What does it mean to be South African?

The enrolment of South Africa’s first “born-frees” at higher-education institutions earlier this year has brought the issue of our national identity into sharp focus again. Having grown up in a post-apartheid society, their experiences have been different to that of previous generations. As we enter a future that will ultimately be shaped by the next generation, we need to review our progress as a nation and look again at where we are heading.

Taking identity as a starting point is useful in the process of re-evaluating our past and future. I regularly experience this in engaging with students. Most of them they say that what binds us together is the ideal of embracing everyone’s human dignity in the context of our diversity as a nation. (Find video below, or visit http://bit.ly/LLL_SA_ID). And judging from the response to a recent radio discussion on this issue (on the programme “Praat Saam”, presented by Lynette Francis, on the SABC station RSG, 2 August 2013 – find podcast below), national identity is an issue of interest to all South Africans.

Sociologists and anthropologists tell us that identity is not a given; it is constructed. It comes about when an individual or group identifies with certain values or actions. It is a form of consciousness, an awareness of how you define yourself and others, and how society sees you and others – with constant interaction between the self and the other, the personal and the social.

The concept of identity is multi-faceted, complex and contested. It has both personal and group dimensions. It is a powerful phenomenon that can act as a force for good, but can also have destructive effects. These were some of the initial inputs made at an initial thought-leader discussion that I recently convened on the South African identity.

A useful point of reference in the argument that the idea of a South African identity serves a good purpose is the country’s 1996 Constitution. The preamble reads that “We, the People of South Africa, recognise the injustices of the past.” A few lines further we see that “South Africa belongs to all who live in it” – and then comes an important phrase – “united in our diversity”.

In the process of constructing a post-apartheid South African identity, our first instinct seemed to be to link this to our diversity. This would be the one thing that we could agree on – the existence of various groups in the country, whether defined in terms of race, ethnicity, religion, etc. So why not make a benefit of our diversity instead of a burden?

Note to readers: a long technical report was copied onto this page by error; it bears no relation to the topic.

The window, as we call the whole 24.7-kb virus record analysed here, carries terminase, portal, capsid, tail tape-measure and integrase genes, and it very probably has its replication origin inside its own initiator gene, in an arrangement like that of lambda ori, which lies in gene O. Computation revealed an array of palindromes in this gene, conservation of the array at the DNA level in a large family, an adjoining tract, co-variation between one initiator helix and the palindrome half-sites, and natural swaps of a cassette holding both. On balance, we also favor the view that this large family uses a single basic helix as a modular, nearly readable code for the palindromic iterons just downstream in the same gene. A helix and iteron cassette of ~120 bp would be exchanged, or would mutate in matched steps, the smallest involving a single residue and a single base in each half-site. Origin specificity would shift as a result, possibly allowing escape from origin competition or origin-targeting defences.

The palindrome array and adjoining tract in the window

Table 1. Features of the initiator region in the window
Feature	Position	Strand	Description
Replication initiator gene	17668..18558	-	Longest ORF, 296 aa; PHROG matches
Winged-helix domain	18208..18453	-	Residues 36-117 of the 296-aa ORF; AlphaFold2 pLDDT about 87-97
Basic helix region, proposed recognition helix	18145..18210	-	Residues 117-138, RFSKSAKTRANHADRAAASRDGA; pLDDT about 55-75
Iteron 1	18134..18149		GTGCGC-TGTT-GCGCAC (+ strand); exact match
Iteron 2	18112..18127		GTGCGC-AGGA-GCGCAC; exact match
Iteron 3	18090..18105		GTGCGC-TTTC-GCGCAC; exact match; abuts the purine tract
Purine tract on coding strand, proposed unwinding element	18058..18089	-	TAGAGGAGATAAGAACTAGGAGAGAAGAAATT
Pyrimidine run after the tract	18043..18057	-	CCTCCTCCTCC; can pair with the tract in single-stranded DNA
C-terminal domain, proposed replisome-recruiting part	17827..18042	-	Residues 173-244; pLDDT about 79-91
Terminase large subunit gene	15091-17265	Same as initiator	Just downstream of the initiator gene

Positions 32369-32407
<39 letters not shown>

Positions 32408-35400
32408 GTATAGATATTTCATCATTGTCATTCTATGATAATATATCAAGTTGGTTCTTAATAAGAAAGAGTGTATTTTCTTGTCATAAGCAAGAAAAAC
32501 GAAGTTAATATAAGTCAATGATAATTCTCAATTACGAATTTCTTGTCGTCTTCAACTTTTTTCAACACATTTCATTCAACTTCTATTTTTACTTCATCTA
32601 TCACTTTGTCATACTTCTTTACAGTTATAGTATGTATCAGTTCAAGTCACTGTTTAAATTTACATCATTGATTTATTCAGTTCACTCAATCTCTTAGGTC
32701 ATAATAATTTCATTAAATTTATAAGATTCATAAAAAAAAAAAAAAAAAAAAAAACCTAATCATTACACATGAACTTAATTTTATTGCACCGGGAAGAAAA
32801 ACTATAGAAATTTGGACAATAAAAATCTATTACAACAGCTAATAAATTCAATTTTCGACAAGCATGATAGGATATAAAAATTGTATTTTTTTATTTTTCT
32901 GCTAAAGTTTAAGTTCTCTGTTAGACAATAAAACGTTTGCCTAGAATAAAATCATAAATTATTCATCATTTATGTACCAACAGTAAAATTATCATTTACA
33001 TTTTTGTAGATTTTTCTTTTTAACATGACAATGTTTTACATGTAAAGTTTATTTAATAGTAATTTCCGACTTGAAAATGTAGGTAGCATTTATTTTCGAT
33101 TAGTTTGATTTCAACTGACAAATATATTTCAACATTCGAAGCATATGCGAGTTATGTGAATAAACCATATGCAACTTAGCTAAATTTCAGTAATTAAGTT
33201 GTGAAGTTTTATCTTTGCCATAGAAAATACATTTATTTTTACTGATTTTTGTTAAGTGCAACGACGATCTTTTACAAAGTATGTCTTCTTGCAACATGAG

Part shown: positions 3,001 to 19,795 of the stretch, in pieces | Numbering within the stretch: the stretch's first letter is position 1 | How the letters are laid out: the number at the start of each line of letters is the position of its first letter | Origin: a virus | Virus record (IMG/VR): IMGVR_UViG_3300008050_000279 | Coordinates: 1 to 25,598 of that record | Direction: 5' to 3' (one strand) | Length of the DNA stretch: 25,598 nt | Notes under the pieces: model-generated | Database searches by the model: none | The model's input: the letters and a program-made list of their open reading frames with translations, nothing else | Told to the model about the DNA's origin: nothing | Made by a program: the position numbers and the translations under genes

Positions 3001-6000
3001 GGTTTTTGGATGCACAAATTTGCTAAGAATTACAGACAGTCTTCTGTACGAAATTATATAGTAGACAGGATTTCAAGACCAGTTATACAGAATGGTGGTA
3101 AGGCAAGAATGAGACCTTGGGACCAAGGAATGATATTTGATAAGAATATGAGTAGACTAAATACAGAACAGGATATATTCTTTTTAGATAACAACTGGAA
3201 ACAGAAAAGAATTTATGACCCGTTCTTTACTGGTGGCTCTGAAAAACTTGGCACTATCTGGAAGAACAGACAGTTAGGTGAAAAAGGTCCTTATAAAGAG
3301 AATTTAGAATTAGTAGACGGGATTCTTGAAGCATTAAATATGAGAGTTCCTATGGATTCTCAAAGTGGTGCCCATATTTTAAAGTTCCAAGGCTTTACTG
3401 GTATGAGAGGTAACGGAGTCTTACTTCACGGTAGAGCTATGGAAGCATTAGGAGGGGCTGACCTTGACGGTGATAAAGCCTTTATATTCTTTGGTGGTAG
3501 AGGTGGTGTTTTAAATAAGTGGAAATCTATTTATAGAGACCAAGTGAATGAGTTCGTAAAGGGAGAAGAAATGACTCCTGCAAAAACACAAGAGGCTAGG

But for this to work, the South African identity constructed in such a way that it embraces diversity has to contain a further notion: Inclusivity. Again we find support in the Constitution for this position. In its founding provisions we come across such values as human dignity, equality, human rights and freedoms, non-racialism and non-sexism, as well as democracy. One cannot speak of these values without interpreting them in an inclusive way.

The emphasis on inclusivity is echoed in another key document – the National Development Plan (NDP). It was drawn up by the National Development Commission (NPC) appointed by the President in 2009, and was published last year. The NDP also links the South African identity to the values contained in the Constitution: “We [South Africans] have made the rules by which we want ourselves to live.”

I think the strong emphasis on diversity and inclusivity, on democracy and human rights in these two important documents can best be seen as both a reaction to our history and a yearning for a better future. On the one hand, this entails a rejection of the discriminatory, oppressive and exploitative practices of our apartheid and colonial past. And on the other, it entails striving for such ideals as equality, freedom and justice for all.

If identity is a social construct, the question is do we need an on-going construction of the “South African” identity? I think that in light of the history of apartheid and its legacy still dragging on, we cannot sidestep it. And we should particularly emphasise diversity and inclusivity and the other values of our Constitution as part of our identity.

The South African identity may not sufficiently capture the full complexity of our humanity, but it is probably necessary to use it to achieve the goal of uniting us in the fight for our ideals and against the legacy of the past.